As Reported on Livingston Daily
Broderick David Savage, described as a positive, energetic, productive man of “authenticity” was sentenced Monday to at least 22 years in prison for robbing a Hartland Township motel clerk in June 2016.
Savage, who faced up to life in prison, told the court he has taken responsibility for his actions – both negative and positive – and then he thanked the court for its time and patience.
“I do maintain my innocence,” the Missouri man said about the June 4, 2016 robbery at the Best Western at 10087 M-59.
Savage was then sentenced to 20-40 years in prison for armed robbery and carjacking with a mandatory two-year consecutive sentence for felony firearms. Savage also received a sentence of five years to 10 years, and four years to eight years for unlawful driving away of an automobile and felonious assault, respectively.
“I cannot permit or tolerate a situation where someone comes into our county with a pistol, takes money and property from another and not think they’re going to jail for decades,” 44th Circuit Court Judge Michael P. Hatty said.
The now-former Best Western clerk testified that Savage pointed what appeared to be a real gun at her while demanding she open drawers. The weapon was later determined to be a broken BB gun that had been painted black.
The woman testified that Savage forced her at gunpoint to a back room where he went through her purse and stole her keys and wallet before fleeing in the clerk’s 2006 Chevrolet Impala. She said Savage also pepper sprayed her.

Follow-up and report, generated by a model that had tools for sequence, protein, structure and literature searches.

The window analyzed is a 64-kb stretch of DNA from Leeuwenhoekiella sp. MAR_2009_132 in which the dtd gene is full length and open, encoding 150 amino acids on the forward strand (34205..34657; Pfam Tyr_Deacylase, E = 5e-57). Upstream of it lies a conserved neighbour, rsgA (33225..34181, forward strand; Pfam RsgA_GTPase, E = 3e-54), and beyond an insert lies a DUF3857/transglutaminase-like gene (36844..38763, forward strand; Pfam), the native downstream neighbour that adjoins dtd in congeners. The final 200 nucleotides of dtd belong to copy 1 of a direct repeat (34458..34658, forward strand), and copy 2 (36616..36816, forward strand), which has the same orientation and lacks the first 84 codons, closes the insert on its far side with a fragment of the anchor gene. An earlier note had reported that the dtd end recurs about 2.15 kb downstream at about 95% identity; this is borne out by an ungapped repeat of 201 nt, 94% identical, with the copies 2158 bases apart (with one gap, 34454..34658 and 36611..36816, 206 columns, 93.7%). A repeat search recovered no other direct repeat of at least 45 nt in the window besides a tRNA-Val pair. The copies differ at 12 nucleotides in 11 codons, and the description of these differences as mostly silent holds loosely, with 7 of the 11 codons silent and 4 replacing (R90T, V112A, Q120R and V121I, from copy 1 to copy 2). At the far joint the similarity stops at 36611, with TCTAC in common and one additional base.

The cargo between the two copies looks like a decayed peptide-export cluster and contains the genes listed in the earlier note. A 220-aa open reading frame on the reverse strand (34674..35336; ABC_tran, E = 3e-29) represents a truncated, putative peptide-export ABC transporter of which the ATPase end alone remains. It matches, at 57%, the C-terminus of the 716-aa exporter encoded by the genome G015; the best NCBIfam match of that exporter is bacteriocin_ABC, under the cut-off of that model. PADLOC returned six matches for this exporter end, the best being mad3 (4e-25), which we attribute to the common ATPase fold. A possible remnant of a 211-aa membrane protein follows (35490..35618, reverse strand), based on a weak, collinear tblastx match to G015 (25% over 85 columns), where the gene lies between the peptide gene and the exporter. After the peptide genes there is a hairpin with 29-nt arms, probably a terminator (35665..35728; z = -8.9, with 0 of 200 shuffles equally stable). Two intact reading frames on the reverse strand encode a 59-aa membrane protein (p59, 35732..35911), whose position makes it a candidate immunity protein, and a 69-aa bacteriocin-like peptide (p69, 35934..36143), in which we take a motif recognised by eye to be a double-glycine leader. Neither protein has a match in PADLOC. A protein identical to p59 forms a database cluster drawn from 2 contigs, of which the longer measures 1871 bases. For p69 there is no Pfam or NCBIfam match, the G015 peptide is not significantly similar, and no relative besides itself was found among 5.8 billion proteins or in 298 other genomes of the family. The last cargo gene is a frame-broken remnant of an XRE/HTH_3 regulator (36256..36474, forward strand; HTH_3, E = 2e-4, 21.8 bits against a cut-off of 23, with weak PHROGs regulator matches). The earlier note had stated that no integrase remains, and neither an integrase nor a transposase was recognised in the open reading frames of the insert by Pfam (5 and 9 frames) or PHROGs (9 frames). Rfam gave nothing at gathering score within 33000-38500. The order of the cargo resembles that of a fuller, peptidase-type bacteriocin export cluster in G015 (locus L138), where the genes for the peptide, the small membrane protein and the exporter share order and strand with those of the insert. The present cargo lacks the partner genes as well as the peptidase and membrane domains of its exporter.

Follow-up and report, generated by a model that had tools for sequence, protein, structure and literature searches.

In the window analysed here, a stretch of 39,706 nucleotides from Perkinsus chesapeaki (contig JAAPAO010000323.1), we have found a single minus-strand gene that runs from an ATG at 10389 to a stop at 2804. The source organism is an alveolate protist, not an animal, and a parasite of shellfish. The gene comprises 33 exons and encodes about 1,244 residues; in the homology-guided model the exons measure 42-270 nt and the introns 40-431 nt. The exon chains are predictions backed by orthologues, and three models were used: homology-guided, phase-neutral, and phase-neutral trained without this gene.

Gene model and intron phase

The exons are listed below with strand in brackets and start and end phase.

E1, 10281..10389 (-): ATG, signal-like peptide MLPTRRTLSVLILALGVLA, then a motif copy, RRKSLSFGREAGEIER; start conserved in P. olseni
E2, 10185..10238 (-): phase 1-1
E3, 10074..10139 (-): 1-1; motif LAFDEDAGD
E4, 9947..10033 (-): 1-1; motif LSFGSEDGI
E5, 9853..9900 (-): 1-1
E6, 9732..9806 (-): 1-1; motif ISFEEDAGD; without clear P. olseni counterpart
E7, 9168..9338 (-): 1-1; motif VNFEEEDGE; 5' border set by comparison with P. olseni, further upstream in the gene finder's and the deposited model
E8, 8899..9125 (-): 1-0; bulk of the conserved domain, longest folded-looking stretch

Two Flat Rock officers testified that, about five hours after the robbery, Savage was found wearing a mask and sitting in the stolen car in a parking lot of a CVS Pharmacy on Telegraph Road.
Savage, who told the officers his name was Seawright, told the officers he was wearing the mask “because my allergies are really bad.”
Assistant Prosecutor Scott Ehlfeldt asked the judge to sentence Savage to at least 25 years in prison for what he called “excessive” behavior that went “above and beyond” a typical armed robbery. He said the use of the pepper spray made the situation “10 times more traumatic” for the clerk.
“She doesn’t know what’s happening in that moment,” he said. “She’s blinded. She’s unable to breathe. … She doesn’t even know, at that point, if he had a real gun or if she’s going to die in that moment. …
“This isn’t an ordinary robbery. This is something that caused serious injury,” Ehlfeldt added.
Ann Arbor defense attorney Laurence Margolis painted a different picture of his client.
He said Savage, as described by family and friends, is a good man who cared for his grandmother when she began exhibiting signs of dementia. He said Savage is a positive, energetic and productive “man of authenticity,” whose life changed when his father died.
Margolis agreed that it was not a typical robbery, noting that an inoperable toy gun was used rather than a loaded real gun which creates a “lethal environment.” He said no one was placed in danger of death or grievous injury with a toy gun.